As Black, Topalov must try to open up the center with e5 to give his pieces more action. He simply cannot sit and wait for Anand to exploit his weaknesses.

18…e5 I expect Anand to block the e4 threat with 19. f3. White cannot play 19. dxe5 because it will help the Black Knight after 19…Nxe5 and Black would have a good position.

19. f3 This is interesting: 19…exd4 20. Qxe8+ Rxe8 21. Rxe8+ Kg7= I think Black is fine in this position.

19…Qd6 A good choice as well. I am curious to see the idea Anand and his team came up with for the new move 18. Nh3.

I was just asked what it means playing for 2 results. This simple means that playing safe (not taking risk) where a player aims for a win or at the worst case scenario draw.

20. Bf2 exd4 21. Qxe8+ Rxe8 22. Rxe8+ Nf8 It is interesting that Topalov chose to play exd4 after 20. Bf2. Taking the d4 pawn with the Bishop or pawn are both fine. But this is a critical move. The dynamics of the game would change very quickly depend of how White chooses to proceed right here. I think White is slightly better but I do not think Topalov will have a hard time at all holding this position.

23. cxd4 This is interesting. Anand chose to take back with the pawn. The pluses are he created a passed pawn for himself while opening up the c file. The minus is his dark color square Bishop would be much more active on d4.

In this position, Topalov has a number of serious choices:

a) Go pawn hunting with 23…Qa3
b) Chase the Rook away from the 8th rank with 23…Bc6
c) Or getting his Knight on the rim back in play with 23…Nf6

All decent choices and one difficult decision.

23…Nf6 He chose to get his Knight back in play. A smart solid choice!

24. Ree1 Ne6 All of a sudden, Topalov’s pieces are on good solid posts. Perhaps 25. Bc4 for White to put pressure on the e6 Knight. Anand must also find a way to get his h3 Knight some action.

25. Bc4 Topalov cannot allow this trade as it will weaken his Kingside pawn structure. Therefore, 25…Bd5 makes sense here. It also attempts to eliminate White’s Bishop pair. 25…Nxd4 obviously does not work because the Knight will be pinned and lost.

25…Bd5 So far both sides have made logical moves. Anand can get his Knight into play with Bg3 then Nf2. I still think this position is += / =

26. Bg3 Qb4 This is a riskier option. 26…Qd7 is more solid. Now White can play Be5 and some fireworks may come. This is one of the many possible lines: 27. Be5 Nd7 28. Bxd5 Nxe5 29. Bxe6 Qxd4+ 30. Kh1 fxe6 += / =

27. Be5 Nd7 There are so many possibilities in this position. Here is another one: 28. a3 Qb2 29. Bxd5 Nxe5 30. dxe5 Qd4+ 31. Nf2 Qxd5 =

28. a3 Another logical move by Anand to chase Topalov’s Queen. So far both players have played very well. Now 28…Qb2 and 28…Qa4 are both playable although I prefer Qb2 a little more.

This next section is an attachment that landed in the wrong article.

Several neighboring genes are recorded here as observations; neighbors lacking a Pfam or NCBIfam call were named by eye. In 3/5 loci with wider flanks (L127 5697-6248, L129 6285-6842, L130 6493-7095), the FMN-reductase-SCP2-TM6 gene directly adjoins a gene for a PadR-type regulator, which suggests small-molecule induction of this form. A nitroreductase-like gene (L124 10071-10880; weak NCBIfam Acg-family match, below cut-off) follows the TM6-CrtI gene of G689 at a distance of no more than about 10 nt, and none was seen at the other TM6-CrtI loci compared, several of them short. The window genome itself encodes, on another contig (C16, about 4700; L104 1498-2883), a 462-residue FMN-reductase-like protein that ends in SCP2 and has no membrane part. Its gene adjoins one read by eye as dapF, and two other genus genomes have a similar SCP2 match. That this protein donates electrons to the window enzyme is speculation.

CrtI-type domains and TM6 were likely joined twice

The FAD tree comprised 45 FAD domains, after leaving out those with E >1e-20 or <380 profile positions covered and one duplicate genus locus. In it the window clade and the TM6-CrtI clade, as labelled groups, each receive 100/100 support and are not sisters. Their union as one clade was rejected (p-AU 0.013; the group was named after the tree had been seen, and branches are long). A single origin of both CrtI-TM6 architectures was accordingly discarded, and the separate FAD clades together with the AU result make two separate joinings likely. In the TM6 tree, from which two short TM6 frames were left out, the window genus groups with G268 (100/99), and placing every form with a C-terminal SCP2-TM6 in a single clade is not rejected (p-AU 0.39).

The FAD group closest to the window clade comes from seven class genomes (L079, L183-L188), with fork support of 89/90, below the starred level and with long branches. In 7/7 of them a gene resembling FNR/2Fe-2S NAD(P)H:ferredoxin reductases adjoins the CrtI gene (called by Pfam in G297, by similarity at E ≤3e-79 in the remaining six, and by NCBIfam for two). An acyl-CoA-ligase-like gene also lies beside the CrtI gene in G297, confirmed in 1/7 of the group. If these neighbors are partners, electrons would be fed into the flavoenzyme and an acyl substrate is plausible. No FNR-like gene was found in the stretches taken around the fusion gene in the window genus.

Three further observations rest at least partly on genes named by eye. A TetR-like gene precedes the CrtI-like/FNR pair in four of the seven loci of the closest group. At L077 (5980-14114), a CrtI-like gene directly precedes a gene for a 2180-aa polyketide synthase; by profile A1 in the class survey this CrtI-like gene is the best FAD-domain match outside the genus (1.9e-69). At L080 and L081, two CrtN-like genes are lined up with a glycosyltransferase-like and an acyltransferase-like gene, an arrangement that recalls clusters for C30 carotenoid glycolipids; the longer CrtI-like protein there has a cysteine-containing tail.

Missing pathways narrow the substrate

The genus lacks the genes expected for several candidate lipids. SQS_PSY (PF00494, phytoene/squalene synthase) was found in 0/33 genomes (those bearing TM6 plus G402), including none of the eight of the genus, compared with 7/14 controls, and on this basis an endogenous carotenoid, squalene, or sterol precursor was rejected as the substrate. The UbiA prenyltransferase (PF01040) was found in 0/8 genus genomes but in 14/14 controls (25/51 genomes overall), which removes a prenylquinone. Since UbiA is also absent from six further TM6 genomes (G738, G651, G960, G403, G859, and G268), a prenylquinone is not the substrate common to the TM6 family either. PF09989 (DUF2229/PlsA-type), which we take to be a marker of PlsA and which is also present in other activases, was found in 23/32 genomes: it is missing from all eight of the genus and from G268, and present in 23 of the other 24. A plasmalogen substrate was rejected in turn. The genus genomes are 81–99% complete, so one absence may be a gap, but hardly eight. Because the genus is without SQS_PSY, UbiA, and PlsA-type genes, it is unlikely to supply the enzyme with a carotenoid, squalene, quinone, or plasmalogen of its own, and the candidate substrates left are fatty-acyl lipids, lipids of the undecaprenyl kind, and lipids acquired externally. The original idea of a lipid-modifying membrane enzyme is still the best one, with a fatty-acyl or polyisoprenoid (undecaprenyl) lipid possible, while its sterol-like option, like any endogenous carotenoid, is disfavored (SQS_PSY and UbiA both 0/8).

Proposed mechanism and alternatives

28…Qa4 29. Bxd5 Nxe5 Here is a possible line: 30. Bxe6 Nd3 31. Rc4 Qxa3 32. Bxf7+ Kxf7 = or a little worse is 30. Bxe6 Qxd4+ 31. Kh1 fxe6 32. Ng5 Qb2+=

30. Bxe6 Qxd4+ 31. Kh1 If 31…Nd3 then 32. Re4 += Therefore, 31…fxe6 is a little better.

31…fxe6 Now 32. Ng5 is most logical to go after Black’s weak e6 pawn.

32. Ng5 It would be a blunder to play 32…Nd3 as 33. Rc8+ Kg7 34. Nxe6+ and White wins. 32…Qb2 is the best option for Black here. 32…Qd6 is also OK but not as strong as Qb2.

32…Qd6 The reason why I do not like this move as much as 32…Qb2 is because of 33. Nxe6 Qxe6 34. f4 +=. If 33. Nxe6 Qxa3 34. f4 Nd7 35. Rc8+ Kf7 36. Ng5+ Kf6 37. Nxh7+ Kg7 38. Ng5 +=

33. Ne4 I do not like this move at all. Anand had a chance to gain a small advantage and he did not take advantage of it. Now Topalov will have a much easier time holding this. Topalov should take the a3 pawn and this may be possible: 33…Qxa3 34. Rc8+ Kg7 35. Rc7+ Kh6 36. Nf6 Qa5 37. Rxh7+ Kg5 38. Ne4+ Kf5 =

33…Qxa3 If 34. Rc7 then Nd3 =

Here are the top countries following this game on this blog at the moment:

22.00% India India
13.00% United States United States
8.00% France France
8.00% United Kingdom United Kingdom
8.00% Germany Germany
5.00% Singapore Singapore
4.00% Bulgaria Bulgaria
4.00% Brazil Brazil
4.00% Canada Canada
2.00% Hungary Hungary
2.00% Belgium Belgium
2.00% Portugal Portugal
2.00% Austria Austria
2.00% Malaysia Malaysia
1.00% Romania Romania
1.00% Greece Greece
1.00% Japan Japan
1.00% Norway Norway
1.00% Netherlands Netherlands
1.00% Qatar Qatar
1.00% Denmark Denmark
1.00% United Arab Emirates United Arab  Emirates
1.00% China
1.00% Thailand Thailand
1.00% Spain Spain
1.00% Poland Poland
1.00% Turkey Turkey
1.00% Cyprus Cyprus

34. Rc3 Black should keep his Queen active with 34…Qb4

34…Qb2 Anand has about 12 minutes for 6 moves while Topalov has about 18-19 or so minutes. Both are OK with time, not that urgent at the moment.

h4 Getting his Kingside going. In addition, in some lines, this pawn may block the escape route of the Black King from the 7th and 8th rank attack.

35…b5 36. Rc8+ Anand can take a repetition but he will not do that. He is trying to win.

36…Kg7 37. Rc7+ King should move to f8 to avoid giving White a tempo with Nf6+

37…Kf8 Anand should play 37. Ng5 += Black is still not out of the wood yet. White still has a good position.

38. Ng5 Topalov must be accurate here or else he will lose this. I think Black has to play 37…Ke8 here. It is not an easy move to spot. If he plays 38… b4 39. Nxe6+ Ke8 40. Ng5 Qd4 41. f4 Qxf4 42. Re4 Qg3 43. Rc5 +-

38…Ke8 If 39. Nxe6Nxf3 40. gxf3 Qf2 and Topalov may hold.